Last but definitely not least, the walking safari. As I had previously tracked gorillas from the Buhoma site the other side of Bwindi, we opted to do one of this campsite’s walking safaris instead, though you can arrange gorilla permits for the Nkuringo group from tour companies or from the UWA central reservations office in Kampala if that’s what you fancy doing.

As hinted at above, you need to be of reasonable fitness to be able to do the walk. I had found tracking from Buhoma challenging but perfectly doable – but Nkuringo is up another level. Its steep volcanic hills can be very unforgiving. It’s fine for the first two thirds of the walk (downhill into the valley, then along the valley floor through the forest) but the last section is tough on those who are bordering unfit (I know because that was me!). We were also unfortunate with the weather (we were there slap bang in the middle of the wet season so we were asking for it really…) which probably made it considerably harder. But go in the drier months and it should be fine.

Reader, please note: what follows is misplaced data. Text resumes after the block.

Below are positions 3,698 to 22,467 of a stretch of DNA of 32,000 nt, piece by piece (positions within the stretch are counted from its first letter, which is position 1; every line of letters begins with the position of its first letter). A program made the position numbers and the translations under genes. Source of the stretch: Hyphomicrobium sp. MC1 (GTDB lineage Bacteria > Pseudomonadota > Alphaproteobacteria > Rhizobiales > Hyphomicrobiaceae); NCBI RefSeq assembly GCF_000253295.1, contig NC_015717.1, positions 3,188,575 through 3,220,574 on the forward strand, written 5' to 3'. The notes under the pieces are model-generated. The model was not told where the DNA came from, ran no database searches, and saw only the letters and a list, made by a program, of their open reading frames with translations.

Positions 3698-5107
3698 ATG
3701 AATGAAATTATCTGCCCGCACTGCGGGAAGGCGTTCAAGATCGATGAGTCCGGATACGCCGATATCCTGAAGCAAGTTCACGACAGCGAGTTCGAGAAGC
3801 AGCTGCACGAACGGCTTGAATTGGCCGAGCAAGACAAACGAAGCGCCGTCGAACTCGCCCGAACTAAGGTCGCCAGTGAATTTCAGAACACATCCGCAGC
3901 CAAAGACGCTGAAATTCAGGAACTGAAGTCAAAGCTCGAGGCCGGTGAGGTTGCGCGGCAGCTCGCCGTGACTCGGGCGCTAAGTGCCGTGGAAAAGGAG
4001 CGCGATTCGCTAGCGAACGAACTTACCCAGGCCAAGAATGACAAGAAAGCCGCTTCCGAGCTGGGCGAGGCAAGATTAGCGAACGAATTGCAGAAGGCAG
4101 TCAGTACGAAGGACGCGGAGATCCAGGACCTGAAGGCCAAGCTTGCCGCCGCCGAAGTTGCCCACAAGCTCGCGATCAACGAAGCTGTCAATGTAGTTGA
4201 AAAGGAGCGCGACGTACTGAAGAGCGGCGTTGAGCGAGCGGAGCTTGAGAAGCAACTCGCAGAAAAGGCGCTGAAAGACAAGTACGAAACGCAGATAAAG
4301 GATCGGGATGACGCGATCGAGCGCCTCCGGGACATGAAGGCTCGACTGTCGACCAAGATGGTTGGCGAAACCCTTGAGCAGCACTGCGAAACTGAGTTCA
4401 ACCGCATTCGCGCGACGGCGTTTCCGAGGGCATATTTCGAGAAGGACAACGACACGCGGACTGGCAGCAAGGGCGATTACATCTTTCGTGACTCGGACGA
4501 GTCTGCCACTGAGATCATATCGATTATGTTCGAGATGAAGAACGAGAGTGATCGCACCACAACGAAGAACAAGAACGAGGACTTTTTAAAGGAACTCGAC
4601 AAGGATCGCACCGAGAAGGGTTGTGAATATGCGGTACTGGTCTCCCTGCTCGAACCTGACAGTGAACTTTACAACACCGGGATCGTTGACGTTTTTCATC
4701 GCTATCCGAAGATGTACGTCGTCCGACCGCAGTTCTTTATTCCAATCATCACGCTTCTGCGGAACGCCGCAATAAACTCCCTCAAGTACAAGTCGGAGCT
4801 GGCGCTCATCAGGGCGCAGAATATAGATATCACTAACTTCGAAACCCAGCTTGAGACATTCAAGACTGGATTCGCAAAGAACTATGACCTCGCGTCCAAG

The walk has some beautiful scenery and glimpses of un habituated red tailed Columbus, and black and white Columbus, as well as plenty of sun-birds and butterflies to keep you entertained. If you’re a hiker you’ll love it. Nkuringo Gorilla Campsite is great – un-spoilt, un-pretentious, great value, and a spectacular location. Better book your Uganda gorilla safari today and experience the true African Wilderness at its best in Bwindi National Park!

Comparing Gorilla Trekking in Uganda and Rwanda

gorilla-trekking-adventureGorilla trekking activities in Uganda and Rwanda is carried out in Bwindi Impenetrable National Park and Volcanoes National Park respectively. Only 8 people can visit a given gorilla group for every day. In Uganda, ten gorilla groups have been habituated in Bwindi Impenetrable Forest National Park, and so can have 80 persons tracking mountain gorillas on any day.

Rwanda can likewise take 80 persons for every day. All else being equivalent, Rwanda’s Volcanoes National Park has a slight edge over the rest since its gorillas are the most wholly habituated, and they are regularly found in bamboo than the thick forest which makes photographing easier.